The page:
The company was founded in 1990 with purpose to develop chip-to-chip interface technologies in general and memory systems in particular. I have no idea if Mark Horowitz, Mike Farmwald and other Rambus’ founders had an idea about the ongoing trends in early nineties, but they decided to found a company that would develop standards for the whole industry. Probably their strategy was absolutely correct in some way – they realised that the industry needs faster interfaces and memory devices already in 1990. One thing they had not learnt is that the industry does not like loners.
Early nineties appeared to be a big milestone in development of computers: they combined everything valuable from the eighties and they forced the industry to develop the way it does now. On thing very important there was the fact that proprietary computer systems like IBM’s PS/2, Atari and some others died then. For example, in 1987 IBM made an attempt to recapture the market with its new line of PS/2 personal computers, microchannel architecture and proprietary OS/2 operating system, but eventually failed as Intel, Microsoft and others forced their technologies to become standard without asking licensing fees or enormous prices for them.
Rambus decided to go almost the same way as their unlucky predecessors – they joined JEDEC in late 1991 or early 1992 for the purpose of participating in JEDEC's efforts to develop a first-generation standard for SDRAM, however, tried to promote the technology they had invented – the RDRAM. Since they wanted other firms to license the technology, the JEDEC ejected their offering and adopted traditional DRAM technology that was not covered by any Rambus patents. After that Rambus revised its strategy and broadened their patents on SDRAM technology. Although they received the broadened patents in 1996, they did not file any cases in regards patents infringements till 1999 because Intel decided to adopt RDRAM as their next-generation memory standard. Apparently, Intel, as well as memory makers did not succeeded in successfully launching the first PC intended RDRAM chipset, i820, and it became clear that there were hardly any prospects for RDRAM on the market because of low yields, licensing fess and high prices. After that Rambus started to sue memory makers about the patents infringements of the Los Altos, California-based developer. Eventually, manufacturers of nearly 50% of the worldwide production of DRAM technology have allegedly signed licenses with Rambus, but three patent infringement cases are currently pending. Since RDRAM is almost dead on the PC and its memory market share gradually slides, the only way to survive for the technology company is to receive royalties from the industry players. This approach and strategy resembles a pupil who failed to complete a task, but still wants to have something for his efforts.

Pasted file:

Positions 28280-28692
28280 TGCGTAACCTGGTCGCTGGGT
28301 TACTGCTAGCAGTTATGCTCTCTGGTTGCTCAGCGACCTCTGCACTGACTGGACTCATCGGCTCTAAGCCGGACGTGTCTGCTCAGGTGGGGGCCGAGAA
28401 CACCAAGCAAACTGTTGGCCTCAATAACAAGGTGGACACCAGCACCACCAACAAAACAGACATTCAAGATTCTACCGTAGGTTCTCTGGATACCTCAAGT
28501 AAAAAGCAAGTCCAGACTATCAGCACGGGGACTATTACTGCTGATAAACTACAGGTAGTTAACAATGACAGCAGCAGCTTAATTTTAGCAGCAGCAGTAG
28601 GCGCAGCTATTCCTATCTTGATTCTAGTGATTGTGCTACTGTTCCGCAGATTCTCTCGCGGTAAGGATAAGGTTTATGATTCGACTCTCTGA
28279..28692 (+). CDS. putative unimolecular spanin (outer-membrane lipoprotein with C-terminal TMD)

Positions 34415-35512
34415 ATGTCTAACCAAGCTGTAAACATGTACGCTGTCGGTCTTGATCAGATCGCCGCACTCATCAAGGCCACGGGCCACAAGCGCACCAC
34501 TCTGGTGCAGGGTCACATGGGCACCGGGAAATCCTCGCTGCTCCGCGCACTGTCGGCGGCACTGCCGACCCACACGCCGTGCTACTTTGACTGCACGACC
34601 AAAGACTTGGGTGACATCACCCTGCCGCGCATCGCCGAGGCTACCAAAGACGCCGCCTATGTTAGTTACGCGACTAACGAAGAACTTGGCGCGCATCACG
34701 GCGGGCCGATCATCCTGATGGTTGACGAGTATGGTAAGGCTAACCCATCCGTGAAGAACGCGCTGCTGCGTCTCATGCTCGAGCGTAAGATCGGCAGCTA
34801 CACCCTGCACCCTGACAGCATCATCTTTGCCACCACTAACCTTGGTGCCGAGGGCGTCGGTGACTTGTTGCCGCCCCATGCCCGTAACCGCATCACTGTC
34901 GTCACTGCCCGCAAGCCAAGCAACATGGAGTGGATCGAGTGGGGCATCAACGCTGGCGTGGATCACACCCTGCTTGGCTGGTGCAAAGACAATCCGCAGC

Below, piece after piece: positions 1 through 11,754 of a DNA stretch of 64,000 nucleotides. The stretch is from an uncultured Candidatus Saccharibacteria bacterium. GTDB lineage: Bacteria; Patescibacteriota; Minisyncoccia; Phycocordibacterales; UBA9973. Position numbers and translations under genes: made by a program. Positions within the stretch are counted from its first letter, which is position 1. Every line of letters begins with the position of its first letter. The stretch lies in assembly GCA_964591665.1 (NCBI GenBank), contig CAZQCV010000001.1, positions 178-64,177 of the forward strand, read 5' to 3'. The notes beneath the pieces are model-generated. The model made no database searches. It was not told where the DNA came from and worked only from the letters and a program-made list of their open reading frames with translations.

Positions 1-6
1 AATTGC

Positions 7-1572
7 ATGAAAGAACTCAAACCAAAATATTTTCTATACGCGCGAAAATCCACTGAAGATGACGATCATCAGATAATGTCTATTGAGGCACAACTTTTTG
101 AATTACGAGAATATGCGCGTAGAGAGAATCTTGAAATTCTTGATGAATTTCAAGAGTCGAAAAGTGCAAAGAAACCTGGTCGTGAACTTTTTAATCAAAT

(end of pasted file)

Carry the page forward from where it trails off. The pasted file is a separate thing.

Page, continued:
Apparently, the approach works well – the company again declares profits for the fourth quarter 2002! For its first fiscal quarter ended December 31, 2002, net income was $5.5 million (22% of revenues), compared to $6.2 million in the same period in 2001 year and $5.9 million in the previous quarter. Earnings per share for the December quarter were 6 cents, compared to 6 cents in the same period last year and 6 cents in the previous quarter. Revenue for the quarter was $25.7 million, up 3% over the same period last year and up 5% from the previous quarter.